OUR SPELLING SYSTEM - MISUNDERSTOOD

A boy I once taught, writing about his struggles with spelling, wrote

I think English is a stupid langwig

Two learned American professors of language, however, called it

a near-optimal system

Who is right? Most people I know would side with the boy. Again and again people complain that the letters don't always stand for the sounds they should stand for. They don't and they couldn't be expected to because there are only 26 letters and about 44 sounds in English; the number varies according to how people speak.

One reason for the problem is simply that hardly any of us have any idea how the system works. English is a mixed language, so it is not surprising that it has a mixed spelling system. Some spellings depend on sound, but a lot of others don't and because of our seafaring history and contacts overseas, we have also brought in huge numbers of words straight from other languages, often (but not always!) adopting the spelling of the country they came from. It is sometimes easier to read words if they are not phonetically regular. Finally English has a huge number of words (like write and right) which sound the same but are written differently because they mean something different. "One Spelling One Meaning" is a better slogan than "One Letter One Sound".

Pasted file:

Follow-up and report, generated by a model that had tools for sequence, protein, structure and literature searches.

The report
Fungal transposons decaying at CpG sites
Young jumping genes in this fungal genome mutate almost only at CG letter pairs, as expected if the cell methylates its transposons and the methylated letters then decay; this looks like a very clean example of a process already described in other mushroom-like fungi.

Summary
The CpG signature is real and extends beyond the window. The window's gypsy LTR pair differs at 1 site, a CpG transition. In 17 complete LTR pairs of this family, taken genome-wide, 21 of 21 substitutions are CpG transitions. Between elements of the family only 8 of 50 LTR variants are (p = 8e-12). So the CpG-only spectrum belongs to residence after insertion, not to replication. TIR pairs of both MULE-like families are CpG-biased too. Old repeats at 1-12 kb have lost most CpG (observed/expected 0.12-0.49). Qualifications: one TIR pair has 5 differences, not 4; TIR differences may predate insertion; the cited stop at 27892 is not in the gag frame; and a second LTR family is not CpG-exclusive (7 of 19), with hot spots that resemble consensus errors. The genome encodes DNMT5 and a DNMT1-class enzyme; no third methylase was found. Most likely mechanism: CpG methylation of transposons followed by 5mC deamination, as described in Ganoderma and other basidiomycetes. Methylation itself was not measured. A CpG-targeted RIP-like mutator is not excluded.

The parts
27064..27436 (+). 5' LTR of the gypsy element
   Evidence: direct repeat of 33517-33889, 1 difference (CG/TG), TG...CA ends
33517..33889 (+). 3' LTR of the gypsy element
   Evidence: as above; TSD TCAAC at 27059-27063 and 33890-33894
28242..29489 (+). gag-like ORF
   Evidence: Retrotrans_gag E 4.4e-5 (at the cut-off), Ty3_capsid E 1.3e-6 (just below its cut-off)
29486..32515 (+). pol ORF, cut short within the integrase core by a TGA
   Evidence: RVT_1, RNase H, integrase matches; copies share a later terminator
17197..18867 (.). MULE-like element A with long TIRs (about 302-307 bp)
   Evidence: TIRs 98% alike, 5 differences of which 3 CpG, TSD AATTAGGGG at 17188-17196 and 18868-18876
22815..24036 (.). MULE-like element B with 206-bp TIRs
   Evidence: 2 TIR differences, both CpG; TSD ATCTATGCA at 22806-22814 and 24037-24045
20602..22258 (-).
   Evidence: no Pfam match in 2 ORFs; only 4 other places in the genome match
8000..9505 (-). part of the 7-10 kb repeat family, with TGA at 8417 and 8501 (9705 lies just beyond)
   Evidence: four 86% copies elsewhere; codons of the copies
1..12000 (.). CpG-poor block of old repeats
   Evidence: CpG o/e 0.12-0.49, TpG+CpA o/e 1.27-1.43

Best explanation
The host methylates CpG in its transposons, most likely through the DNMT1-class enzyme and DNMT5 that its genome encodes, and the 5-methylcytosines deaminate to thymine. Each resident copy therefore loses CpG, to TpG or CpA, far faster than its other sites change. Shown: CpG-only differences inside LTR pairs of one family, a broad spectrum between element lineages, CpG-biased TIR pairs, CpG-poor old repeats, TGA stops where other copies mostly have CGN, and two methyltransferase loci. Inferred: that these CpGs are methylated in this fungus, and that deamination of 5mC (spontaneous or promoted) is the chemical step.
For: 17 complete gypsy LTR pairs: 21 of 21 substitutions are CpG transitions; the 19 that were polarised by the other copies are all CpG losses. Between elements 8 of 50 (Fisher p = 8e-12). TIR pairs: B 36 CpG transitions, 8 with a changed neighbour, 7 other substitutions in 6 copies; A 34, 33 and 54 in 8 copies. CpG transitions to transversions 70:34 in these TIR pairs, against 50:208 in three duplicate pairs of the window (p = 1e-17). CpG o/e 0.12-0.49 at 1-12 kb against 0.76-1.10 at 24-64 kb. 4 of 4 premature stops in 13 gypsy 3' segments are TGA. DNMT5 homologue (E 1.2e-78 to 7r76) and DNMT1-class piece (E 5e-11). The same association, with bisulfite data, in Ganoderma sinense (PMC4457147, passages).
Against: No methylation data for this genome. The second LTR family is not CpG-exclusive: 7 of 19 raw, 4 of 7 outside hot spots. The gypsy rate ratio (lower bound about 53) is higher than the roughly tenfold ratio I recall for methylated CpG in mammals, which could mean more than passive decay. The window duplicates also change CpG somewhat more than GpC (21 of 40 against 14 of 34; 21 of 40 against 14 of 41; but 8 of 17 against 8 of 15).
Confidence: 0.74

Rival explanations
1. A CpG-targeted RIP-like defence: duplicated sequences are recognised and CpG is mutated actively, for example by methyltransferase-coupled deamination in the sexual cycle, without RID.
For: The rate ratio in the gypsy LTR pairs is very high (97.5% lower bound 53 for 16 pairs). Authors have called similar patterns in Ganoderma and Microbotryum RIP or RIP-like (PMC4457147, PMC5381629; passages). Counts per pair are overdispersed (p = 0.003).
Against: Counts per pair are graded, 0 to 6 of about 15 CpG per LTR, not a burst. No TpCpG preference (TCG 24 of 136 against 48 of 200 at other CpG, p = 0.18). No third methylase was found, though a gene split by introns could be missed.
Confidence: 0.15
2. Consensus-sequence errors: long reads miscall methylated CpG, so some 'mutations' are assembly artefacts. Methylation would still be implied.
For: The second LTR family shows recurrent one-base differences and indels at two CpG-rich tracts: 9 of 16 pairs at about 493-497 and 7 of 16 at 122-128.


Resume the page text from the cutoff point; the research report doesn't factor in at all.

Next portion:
So there is undoubtedly more work attached to learning English spelling than there is for Spanish, say, or Finnish, which have almost entirely regular phonetic spelling. But we have to learn it because it isn't at all likely to change. People are always agitating for reform but no-one has ever found a system yet which has caught on. Think of the difficulties. A lot of powerful people would have to agree on a new system and printers all over the world, since English is now a world language, would have to change all their machines. Neither of these things is at all likely to happen.

So it is hard to learn but we make it much harder by not understanding it and by not understanding how children's spelling develops. This causes us to mislead children, albeit with the best intentions. And some of that happens in the teaching. Many children learn to be poor spellers in their classrooms.